The Mortgage Bankers Association’s (MBA) Weekly Mortgage Applications Survey for the week ending November 19, 2010 increased 2.1 percent on a seasonally adjusted basis from one week earlier. On an unadjusted basis, the Index increased 1.1 percent compared with the previous week. The seasonally adjusted Purchase Index increased 14.4 percent from one week earlier, which included Veterans Day. No adjustment was made for the holiday. On a seasonally adjusted basis, this is the highest Purchase Index recorded since the week ending May 7, 2010. The unadjusted Purchase Index increased 9.6 percent compared with the previous week. “The increase in purchase applications last week aligns with other incoming data suggesting that consumers are feeling somewhat more confident with their financial situation,” said Michael Fratantoni, MBA’s Vice President of Research and Economics.
I wonder if this reflects true Mortgage applications for new purchases or are refinanced mortgages included too?
I don’t understand, how to reconcile mortgages being up while sales & prices are falling? Refinancing of existing homes maybe? Trust no one over thirty.
Simple. The data I posted to start this thread pertains to mortgage applications (the future). The data Michael posted (off topic) pertains to closed transactions (the past).
Still a very long way to go so it is not off topic.
New applications went completely in the tank after the tax credit went away at the end of April.
Here is a helpful graphic depiction.
Banks need to dump the whole credit score thing.
Are we having an economic recovery or an economic cover up?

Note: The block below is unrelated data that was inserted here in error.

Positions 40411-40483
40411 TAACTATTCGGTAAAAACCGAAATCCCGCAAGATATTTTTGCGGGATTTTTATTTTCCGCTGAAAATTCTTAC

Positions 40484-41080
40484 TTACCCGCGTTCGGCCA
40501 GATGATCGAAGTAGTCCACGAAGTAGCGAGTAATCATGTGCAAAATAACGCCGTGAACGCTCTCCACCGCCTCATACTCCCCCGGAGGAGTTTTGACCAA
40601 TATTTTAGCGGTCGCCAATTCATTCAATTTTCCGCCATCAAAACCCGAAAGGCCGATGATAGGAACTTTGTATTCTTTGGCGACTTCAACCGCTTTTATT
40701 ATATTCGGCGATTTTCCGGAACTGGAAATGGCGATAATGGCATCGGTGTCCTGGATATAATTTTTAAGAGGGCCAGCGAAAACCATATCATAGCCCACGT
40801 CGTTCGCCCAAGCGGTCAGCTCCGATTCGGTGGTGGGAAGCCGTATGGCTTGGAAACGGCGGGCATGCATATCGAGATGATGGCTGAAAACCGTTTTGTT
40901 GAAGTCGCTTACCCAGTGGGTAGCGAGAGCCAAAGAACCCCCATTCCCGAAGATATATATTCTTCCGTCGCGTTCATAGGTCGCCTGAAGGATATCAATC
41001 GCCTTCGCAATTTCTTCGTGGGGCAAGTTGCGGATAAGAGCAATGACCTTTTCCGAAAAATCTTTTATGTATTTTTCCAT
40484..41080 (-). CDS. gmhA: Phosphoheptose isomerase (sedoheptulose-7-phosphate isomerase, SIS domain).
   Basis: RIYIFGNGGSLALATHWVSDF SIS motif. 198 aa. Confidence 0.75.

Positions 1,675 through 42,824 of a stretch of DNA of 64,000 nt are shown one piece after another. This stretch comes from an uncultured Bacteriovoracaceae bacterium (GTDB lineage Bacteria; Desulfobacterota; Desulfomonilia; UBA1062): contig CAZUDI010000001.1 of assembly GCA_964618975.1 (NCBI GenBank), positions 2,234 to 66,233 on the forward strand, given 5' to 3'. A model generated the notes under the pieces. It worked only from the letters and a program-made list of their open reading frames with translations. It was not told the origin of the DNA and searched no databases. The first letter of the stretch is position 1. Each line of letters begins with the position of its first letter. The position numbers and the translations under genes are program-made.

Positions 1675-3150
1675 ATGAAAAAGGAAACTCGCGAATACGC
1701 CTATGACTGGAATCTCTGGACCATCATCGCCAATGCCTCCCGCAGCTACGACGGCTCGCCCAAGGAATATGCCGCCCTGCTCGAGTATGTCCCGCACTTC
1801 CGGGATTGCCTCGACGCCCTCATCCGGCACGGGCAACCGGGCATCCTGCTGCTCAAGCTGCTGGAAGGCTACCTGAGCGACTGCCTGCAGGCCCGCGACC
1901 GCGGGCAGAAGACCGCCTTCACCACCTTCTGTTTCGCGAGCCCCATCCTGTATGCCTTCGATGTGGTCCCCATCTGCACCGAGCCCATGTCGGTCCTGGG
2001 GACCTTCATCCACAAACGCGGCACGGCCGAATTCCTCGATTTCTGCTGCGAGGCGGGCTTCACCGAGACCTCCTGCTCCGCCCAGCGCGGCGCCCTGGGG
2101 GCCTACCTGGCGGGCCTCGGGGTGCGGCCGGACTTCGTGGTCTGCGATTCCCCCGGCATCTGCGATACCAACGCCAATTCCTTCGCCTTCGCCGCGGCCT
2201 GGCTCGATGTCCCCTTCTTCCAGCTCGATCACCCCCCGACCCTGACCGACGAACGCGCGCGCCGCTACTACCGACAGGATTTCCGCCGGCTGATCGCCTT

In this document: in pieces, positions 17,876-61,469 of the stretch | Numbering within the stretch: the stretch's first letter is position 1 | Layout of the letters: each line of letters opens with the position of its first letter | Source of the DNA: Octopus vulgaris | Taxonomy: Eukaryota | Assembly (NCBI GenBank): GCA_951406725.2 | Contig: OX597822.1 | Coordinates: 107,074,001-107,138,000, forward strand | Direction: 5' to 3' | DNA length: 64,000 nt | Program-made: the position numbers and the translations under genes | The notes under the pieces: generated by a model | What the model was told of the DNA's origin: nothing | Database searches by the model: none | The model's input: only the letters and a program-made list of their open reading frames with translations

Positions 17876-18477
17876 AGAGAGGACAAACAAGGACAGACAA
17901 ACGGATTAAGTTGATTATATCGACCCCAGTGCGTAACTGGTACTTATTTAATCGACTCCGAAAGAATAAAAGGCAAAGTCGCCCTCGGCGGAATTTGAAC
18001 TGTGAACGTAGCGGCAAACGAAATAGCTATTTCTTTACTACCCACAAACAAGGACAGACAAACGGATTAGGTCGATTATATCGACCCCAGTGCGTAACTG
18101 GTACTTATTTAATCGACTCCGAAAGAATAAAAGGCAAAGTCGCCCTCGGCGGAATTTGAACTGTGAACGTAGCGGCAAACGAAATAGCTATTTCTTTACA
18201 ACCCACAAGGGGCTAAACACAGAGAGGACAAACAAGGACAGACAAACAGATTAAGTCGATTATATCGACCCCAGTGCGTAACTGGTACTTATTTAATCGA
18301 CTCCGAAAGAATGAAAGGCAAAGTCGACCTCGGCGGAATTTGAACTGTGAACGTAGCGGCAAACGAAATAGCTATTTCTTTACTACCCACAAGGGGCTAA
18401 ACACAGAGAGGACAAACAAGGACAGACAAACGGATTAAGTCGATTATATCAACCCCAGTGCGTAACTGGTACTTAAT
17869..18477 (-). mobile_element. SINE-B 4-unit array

If there is no score then how do you determine who is a high risk and who isn’t? I like the credit score. I woprked hard at keeping it a good one.
When a home buyer applies for a mortgage, it is the lender’s job to find out how the buyer can pay back the loan, and make the payments. Credit scores are the major things lenders are using. I think job history should be a good one. However, lenders and mortgage companies are using everything, and if it is not perfect, you do not get approved. Home buyers then go to other lenders, and may have to apply several times to get a lender to loan them funds, further inflating figures. With so many people out of work, and short employment history, it will be years to turn this truck around.
Banks sell empty properties to other banks, which may play a part in the figures. People under 30 do not have a job, or job history, so lenders are looking at age requirements also. Against the law, but they are considering everything.
Why are my home inspections down? ](*,)
Because most homes are being sold “as is” anyway, so why does the home buyer need to spend $350 to $450 on a home inspection? Several lenders are using appraisers to do home checks for banks, so the appraisers can do the checks for the home buyer, since the buyer pays the appraiser anyway at closing. Negotiating periods are down to just two or three days, so the buyer has no time to get inspections (so say agents).
Licensing is starting to get a bad rap, now most inspectors can write soft, basic reports, so the buyer is just wasting thier money if you hire a home inspector.
Furthermore, in cases of bank owned properties most deals are hammered out prior to the inspection so the client is no longer able to use our report to aid in his negotiations.